'Fire Country' is a silly, soapy portrayal of wildland fire
No one expects TV fire dramas to be documentaries, but the newest addition to the mix is so unrealistic that a CAL FIRE chief disavowed it
In my house, we watch fire-based TV programs. For better and for worse. In the case of the new CBS show “Fire Country,” it’s mostly for worse at this point.
And I’m not the only one who thinks so. The show, which dramatizes the experiences of inmate firefighters with CAL FIRE, was disavowed by CAL FIRE Chief Joe Tyler even before the series officially went on the air. Tyler stated, “This television series is a misrepresentation of the professional all-hazards fire department and resource protection agency that CAL FIRE is.” Nonetheless, the series still uses CAL FIRE uniforms and equipment in the episodes.
So what’s the problem with “Fire Country,” and how does it compare to other fire-based TV shows currently airing? There are two main issues to unpack here.
Soap opera-level drama
Frankly, I am surprised that the departments depicted in the other TV dramas don’t disavow those shows as well. They are all basically soap operas that often focus on the ridiculous, dangerous and completely unprofessional behavior of the series characters. Everyone’s sleeping with everyone else, people come and go from the fire station on no apparent schedule, firefighters do freelance arson investigations on their days off, new firefighters can be hired (or fired) just on the whim of one company officer. It goes on and on.
No one expects TV fire dramas to be documentaries or even all that realistic. They’re entertainment for the masses, and most viewers probably have little idea what firefighters really do. Even shows that take a more documentary approach like “CAL FIRE” on Discovery deliberately highlight dramatic moments.
There have been exceptions to this pattern in some of the current TV series. Occasionally they focus on real issues among firefighters: PTSD, exclusion at work, or problems at home related to the job. Every now and then, they include a poignant moment or a glimpse of truth about what being a firefighter really means.
But not usually.
“Fire Country” is full of cliches, coincidences and bad behavior. Everyone has issues on the show, they’re all related to one another in some way, and they all carry such weighty personal baggage that the emergency calls seem incidental to the plot of each episode.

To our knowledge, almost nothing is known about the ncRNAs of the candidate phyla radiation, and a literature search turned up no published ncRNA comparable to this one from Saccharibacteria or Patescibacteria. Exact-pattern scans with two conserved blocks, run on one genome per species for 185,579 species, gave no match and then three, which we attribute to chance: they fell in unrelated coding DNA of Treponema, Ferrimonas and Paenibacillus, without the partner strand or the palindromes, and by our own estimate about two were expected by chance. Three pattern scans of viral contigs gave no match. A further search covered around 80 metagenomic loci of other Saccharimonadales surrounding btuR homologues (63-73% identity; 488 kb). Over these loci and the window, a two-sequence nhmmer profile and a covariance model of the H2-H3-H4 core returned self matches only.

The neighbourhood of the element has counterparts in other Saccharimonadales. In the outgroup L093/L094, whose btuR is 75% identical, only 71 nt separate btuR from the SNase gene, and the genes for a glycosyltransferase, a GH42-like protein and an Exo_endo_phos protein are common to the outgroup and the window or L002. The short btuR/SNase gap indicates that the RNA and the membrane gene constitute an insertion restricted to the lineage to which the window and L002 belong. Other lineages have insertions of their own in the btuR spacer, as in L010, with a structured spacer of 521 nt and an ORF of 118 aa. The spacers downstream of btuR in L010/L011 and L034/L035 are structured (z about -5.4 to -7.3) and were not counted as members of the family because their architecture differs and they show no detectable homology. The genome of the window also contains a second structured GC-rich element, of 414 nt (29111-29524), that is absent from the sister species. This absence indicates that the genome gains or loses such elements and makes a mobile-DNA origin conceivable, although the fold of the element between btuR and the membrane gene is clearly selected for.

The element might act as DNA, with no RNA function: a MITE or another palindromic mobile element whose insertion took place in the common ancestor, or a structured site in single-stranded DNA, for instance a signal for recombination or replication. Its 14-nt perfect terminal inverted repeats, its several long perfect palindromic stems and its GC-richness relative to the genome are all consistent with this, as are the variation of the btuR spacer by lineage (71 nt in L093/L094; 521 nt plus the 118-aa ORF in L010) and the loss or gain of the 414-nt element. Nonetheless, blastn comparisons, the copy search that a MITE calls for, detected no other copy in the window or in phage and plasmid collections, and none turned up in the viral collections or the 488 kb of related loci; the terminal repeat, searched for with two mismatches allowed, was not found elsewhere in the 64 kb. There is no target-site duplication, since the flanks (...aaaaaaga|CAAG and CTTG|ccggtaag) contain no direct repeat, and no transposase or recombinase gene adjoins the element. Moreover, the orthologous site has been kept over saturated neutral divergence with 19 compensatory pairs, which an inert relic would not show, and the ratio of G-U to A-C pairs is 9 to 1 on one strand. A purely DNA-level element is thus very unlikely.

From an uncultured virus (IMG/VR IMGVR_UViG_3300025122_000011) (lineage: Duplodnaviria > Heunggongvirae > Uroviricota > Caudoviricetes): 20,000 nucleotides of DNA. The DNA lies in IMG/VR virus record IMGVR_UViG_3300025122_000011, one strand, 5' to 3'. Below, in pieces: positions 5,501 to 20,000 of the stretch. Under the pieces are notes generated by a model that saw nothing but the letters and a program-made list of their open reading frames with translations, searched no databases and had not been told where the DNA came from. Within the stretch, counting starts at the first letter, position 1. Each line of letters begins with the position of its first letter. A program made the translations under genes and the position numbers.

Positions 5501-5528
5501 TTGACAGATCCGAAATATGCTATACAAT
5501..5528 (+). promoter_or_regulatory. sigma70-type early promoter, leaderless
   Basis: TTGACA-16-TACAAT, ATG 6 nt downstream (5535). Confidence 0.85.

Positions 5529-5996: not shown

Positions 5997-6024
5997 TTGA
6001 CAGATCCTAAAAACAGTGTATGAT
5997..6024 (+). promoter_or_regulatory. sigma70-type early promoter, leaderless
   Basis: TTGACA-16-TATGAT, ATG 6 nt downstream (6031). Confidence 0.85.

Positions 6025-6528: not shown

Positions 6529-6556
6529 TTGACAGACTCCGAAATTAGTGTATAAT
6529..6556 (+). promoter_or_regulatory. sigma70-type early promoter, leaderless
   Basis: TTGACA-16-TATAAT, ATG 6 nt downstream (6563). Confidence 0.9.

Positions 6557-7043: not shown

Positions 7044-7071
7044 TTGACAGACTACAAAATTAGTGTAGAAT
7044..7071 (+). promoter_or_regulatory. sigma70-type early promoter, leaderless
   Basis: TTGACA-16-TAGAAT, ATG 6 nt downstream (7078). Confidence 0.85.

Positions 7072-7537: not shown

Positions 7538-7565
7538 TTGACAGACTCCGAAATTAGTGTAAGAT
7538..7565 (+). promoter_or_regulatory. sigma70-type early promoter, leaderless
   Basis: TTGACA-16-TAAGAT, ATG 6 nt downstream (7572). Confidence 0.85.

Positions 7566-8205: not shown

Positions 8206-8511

Spotlighting characters over calls
TV shows and movies about firefighters are at their best when they focus on the emergency calls, rather than the individuals responding to them. Emergency response is naturally dramatic, and the reality is that teams dealing with them are, by definition, made up of people who are part of a larger effort. Individual personalities don’t matter; it’s all about the team. This is when firefighters themselves are at their best, too.
Some of the other TV series have done a fairly good job when they focus on the emergency calls; for example, “911” has been particularly creative in this regard. But this is where “Fire Country” falls short. It’s not just the sketchy CGI, bad dialogue and unrealistic outcomes; it’s the nature of the calls themselves that contributes to this problem.
Fighting wildfire is a marathon, not a sprint. Incidents tend to be decentralized and often go on for weeks. A lot of the necessary work is unglamorous and uncinematic – think digging fire line or clearing brush. None of this lends itself well to telling a satisfying story from start to finish in 42 minutes.
“Fire Country” ran up against this problem in the first episode and addressed it by contriving a fistfight on a fire scene. This is not the answer.
Balance is key
What is the answer then? I don’t agree with the San Francisco columnist who posited that wildfires are too traumatic to be used as a basis for mainstream TV. After all, I don’t hear people making the same statements about “CAL FIRE.”
It’s not the topic that is the problem, but how it is presented. Especially when it comes to wildfire, it seems that a more documentary/reality TV approach could work better. This style of filming allows for jumping around in space and time and keeps the narrative moving. Some of the recent documentaries about catastrophic wildfires were very affecting – “Fire in Paradise” comes to mind.
In disaster documentaries, the cast of characters and their individual problems are always secondary to the event itself. But that obviously wouldn’t work with a network drama, where the formula is for the same characters to be dealing with new challenges and intrigues week after week. Perhaps the key is to strike a balance: Create credible and sympathetic characters and then put them in dramatic yet believable situations, focusing on the impact of the incident itself rather than the personal issues brought by individuals.
“Fire Country” is not unique in falling short of this standard among network TV shows. All the current shows could do better. But as the newest entry into this market, you would hope that “Fire Country” would have learned from the mistakes of those who came before it.